By Teresa Duncan, MS
Have you ever watched the show “Lie To Me”? It follows a group of deception experts as they solve crime. The show's strength lies in knowing when a person is less than honest. This is a very handy skill to have — especially for treatment coordinators.
We are often faced with patients who just “yes” us to death. We try so hard to convey the urgency of preserving bone or replacing missing teeth. Something that makes such good sense to us is often met with blank stares and mindless head nodding from patients.
As a partner in the patient’s health, this can be very frustrating. Treatment coordinators wonder, “I’m trying to provide ideal treatment, so why is he (or she) staring at me like that?” Understanding a patient’s nonverbal cues can help you figure out if the patient is shutting down. This can help you alter the conversation for a better outcome.
Look for postures and gestures from patients such as these:
- Absent-minded head scratching
- Folded arms
- Leaning back or away from you
- Not maintaining eye contact
- Eye rolling
- Repetitive finger tapping or head rubbing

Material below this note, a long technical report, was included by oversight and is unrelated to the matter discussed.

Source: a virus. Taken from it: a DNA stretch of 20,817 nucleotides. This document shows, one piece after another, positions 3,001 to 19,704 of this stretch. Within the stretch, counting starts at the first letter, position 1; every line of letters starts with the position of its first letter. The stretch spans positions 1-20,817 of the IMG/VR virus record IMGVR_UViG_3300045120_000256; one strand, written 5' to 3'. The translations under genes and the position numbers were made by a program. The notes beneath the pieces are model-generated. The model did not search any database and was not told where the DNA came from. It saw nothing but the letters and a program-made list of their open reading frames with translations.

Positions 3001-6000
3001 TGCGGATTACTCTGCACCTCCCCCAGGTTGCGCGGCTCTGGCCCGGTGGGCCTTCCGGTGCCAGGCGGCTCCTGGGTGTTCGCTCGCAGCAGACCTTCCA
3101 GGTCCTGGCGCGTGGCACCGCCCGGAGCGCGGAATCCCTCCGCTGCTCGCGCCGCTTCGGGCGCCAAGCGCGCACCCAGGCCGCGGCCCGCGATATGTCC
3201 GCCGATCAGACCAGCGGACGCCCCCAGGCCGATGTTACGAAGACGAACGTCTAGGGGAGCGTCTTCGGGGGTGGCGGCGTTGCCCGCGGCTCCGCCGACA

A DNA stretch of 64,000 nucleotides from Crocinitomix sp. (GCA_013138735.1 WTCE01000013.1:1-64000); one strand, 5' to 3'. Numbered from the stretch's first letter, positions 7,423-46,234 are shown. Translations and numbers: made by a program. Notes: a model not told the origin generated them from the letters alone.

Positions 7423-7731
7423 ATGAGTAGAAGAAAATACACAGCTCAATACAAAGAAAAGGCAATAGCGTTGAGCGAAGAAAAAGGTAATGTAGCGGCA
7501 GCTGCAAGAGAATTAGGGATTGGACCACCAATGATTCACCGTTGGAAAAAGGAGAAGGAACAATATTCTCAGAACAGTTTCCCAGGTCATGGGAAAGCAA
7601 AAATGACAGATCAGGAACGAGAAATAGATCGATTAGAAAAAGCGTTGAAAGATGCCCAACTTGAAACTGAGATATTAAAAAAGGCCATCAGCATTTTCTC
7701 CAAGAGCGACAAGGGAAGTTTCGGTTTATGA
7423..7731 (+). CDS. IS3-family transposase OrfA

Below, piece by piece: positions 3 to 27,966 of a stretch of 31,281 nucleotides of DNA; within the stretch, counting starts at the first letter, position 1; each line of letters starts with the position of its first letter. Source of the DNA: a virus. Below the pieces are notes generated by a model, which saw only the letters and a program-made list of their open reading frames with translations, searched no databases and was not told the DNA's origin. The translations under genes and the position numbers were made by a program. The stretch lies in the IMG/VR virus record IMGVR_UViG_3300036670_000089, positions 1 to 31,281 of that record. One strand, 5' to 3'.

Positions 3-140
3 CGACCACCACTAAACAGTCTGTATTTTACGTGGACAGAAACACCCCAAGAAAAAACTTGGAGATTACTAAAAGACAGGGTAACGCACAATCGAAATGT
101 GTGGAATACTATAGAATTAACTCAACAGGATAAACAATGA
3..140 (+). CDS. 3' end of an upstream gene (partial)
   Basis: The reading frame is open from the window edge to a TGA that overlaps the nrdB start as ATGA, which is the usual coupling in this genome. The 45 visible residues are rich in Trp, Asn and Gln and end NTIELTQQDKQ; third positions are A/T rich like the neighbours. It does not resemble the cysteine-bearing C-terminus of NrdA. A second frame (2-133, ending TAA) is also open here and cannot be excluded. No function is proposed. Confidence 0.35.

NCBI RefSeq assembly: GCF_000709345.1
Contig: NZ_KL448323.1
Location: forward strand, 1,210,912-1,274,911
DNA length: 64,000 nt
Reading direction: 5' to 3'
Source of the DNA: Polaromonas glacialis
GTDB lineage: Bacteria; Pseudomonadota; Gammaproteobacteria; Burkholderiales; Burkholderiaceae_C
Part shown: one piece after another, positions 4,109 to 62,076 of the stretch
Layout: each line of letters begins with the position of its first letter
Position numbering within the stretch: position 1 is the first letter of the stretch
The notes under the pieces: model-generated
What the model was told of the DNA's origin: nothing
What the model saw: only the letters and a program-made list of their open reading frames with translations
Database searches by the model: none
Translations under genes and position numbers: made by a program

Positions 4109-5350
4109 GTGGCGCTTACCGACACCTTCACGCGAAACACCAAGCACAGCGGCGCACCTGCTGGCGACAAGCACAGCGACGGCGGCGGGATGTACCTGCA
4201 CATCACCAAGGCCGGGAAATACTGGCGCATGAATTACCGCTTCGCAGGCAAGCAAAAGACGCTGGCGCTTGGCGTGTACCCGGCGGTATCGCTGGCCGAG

During the treatment consultation, actively engage the patient by asking questions. An open dialogue is essential to moving the patient toward treatment acceptance. Bring the person back into the conversation with comments like these:
- “I want to make sure we’re on the same page. Would you like me to review any of this?”
- “I notice your face changed when I talked about the grafting procedure. Do you have any questions about it?”
- “Many patients have questions about this part of the procedure. I can go into more detail if you’d like.”
Avoid phrases such as “Let me repeat that,” or “Did you get that?” Never insinuate that the patient didn’t understand you — ask if the person would like more information. The conversation should flow easily and can be very comfortable if you learn to read patients’ nonverbal cues. Many times what they don’t say is more valuable than any verbal communication. Read your patients and close your cases!
With more than 20 years of health-care experience, Teresa Duncan addresses topics such as insurance coding, fraud, embezzlement, and new media marketing. She is a fellow and educator for the Association of Dental Implant Auxiliaries. She is also coauthor of “The Ultimate Office Planner,” a newsletter for dental administrators and dentists. You can visit Teresa’s blog at http://www.thedentalimplantblog.com or her Web site at http://www.odysseymgmt.com. She can be reached by e-mail at email@example.com.